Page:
Under its earlier name, the Food Alliance, the organization commenced in 2009 as a VicHealth-funded research team. The Faculty of Health at Deakin University hosted the alliance. Its purpose was to build on the achievements of the Food for All food security project (2005-2010). To this end, from 2009 till 2015 the Food Alliance worked with diverse stakeholders to build the knowledge and evidence-base of the Melbourne and Victorian food systems, and to identify opportunities for strategic engagements and advocacy. In 2014, through a series of forums and workshops that continued into 2015, the team began a research program to develop the Circles of Food approach. This approach is now the basis of Sustain’s work.
- Creating a strong and expanding alliance of Victorian food-system stakeholders across communities, producers, local and state governments, health workers and food businesses;
- Significantly influencing Plan Melbourne, the new Metropolitan Planning Strategy for Melbourne. For the first time, the plan includes objectives related to increasing Melbourne’s capacity for food production and protecting prime farmland. This is a result of the Food Alliance’s extensive advocacy on the issue and its related research program;
- Influencing the development of the National Food Plan. This especially relates to the explicit integration of support for community food-initiatives, such as farmers’ markets;
- Significantly influencing the Healthy Food Connect program within the Victorian Government’s Healthy Together Victoria initiative through our food systems approach;
- Shaping the development of the City of Melbourne’s food policy, Food City as an integrated approach to promoting a healthy, sustainable and fair food system;
- Creating a unique set of resources for several peri-urban local governments. These resources highlight the key role these regions play in feeding Melbourne. Some of this work was funded through the crowd-sourcing Know Your Foodbowl research; and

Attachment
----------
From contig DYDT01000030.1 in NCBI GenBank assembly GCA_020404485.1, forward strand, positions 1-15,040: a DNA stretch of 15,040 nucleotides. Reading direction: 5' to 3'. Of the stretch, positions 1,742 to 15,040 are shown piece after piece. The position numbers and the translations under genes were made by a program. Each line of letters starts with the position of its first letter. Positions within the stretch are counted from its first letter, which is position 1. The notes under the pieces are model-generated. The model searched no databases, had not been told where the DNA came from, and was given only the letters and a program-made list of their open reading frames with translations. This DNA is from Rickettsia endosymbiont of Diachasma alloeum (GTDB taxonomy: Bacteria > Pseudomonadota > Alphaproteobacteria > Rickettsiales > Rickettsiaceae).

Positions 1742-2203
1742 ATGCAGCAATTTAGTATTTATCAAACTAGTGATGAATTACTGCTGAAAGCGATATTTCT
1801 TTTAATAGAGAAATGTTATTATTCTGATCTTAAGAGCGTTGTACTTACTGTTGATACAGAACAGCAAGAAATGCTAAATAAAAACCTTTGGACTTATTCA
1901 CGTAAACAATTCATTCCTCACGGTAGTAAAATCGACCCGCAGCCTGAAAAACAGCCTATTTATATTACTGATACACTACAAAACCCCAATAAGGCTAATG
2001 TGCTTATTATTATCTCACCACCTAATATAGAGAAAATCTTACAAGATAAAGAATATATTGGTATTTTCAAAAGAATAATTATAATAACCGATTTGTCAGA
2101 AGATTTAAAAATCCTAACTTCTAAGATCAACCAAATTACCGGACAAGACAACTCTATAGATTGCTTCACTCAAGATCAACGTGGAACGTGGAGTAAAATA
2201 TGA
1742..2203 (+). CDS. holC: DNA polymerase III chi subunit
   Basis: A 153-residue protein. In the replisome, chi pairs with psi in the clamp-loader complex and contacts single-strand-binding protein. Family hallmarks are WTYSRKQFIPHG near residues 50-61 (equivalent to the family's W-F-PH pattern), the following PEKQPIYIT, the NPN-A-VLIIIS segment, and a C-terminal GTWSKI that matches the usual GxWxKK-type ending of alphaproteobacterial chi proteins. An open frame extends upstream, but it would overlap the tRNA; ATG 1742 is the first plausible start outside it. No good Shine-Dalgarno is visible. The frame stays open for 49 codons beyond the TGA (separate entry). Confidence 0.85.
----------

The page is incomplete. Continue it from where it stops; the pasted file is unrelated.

- Partnering with the Victorian EcoInnovation Lab and the Lord Mayor’s Charitable Foundation in Foodprint Melbourne. Through this partnership an Australia-first piece of research investigated where Melbourne’s food currently comes from, and exlored the potential to source more of Melbourne’s food from within Victoria.
From the Food Alliance to Sustain
In 2015, the Food Alliance relocated to the William Angliss Institute in Melbourne’s CBD. It incorporated as a not-for-profit entity with a new name – Sustain: The Australian Food Network. This change reflected a new stage of its life, emphasizing engagement with local councils and existing food networks.
Sustain functions as a network of food networks. It articulates and amplifies the work of the growing number of local food networks that have emerged and are emerging around the country. Building upon this grass roots strength Sustain works alongside government, business and community stakeholders to establish a truly national food network, taking into account and learning from the well-established models of the Food Policy Councils in North America and the Sustainable Food Cities Network in the United Kingdom.
It has a number of core activities:
- Supporting local governments and other public-sector institutions to develop and implement food policies, plans and strategies;
- Facilitating community-engaged research placements with graduate and post-graduate students in member institutions to help them document their food-related policy and programme work;
- Generating food-system profiles for local councils and other institutions to help establish baselines and benchmarking;
- Building and expanding communities of practice in all dimensions of food systems, urban agriculture in particular; and
- Organizing and co-ordinating events at local and regional level, to enable the sharing of research, practice and policy.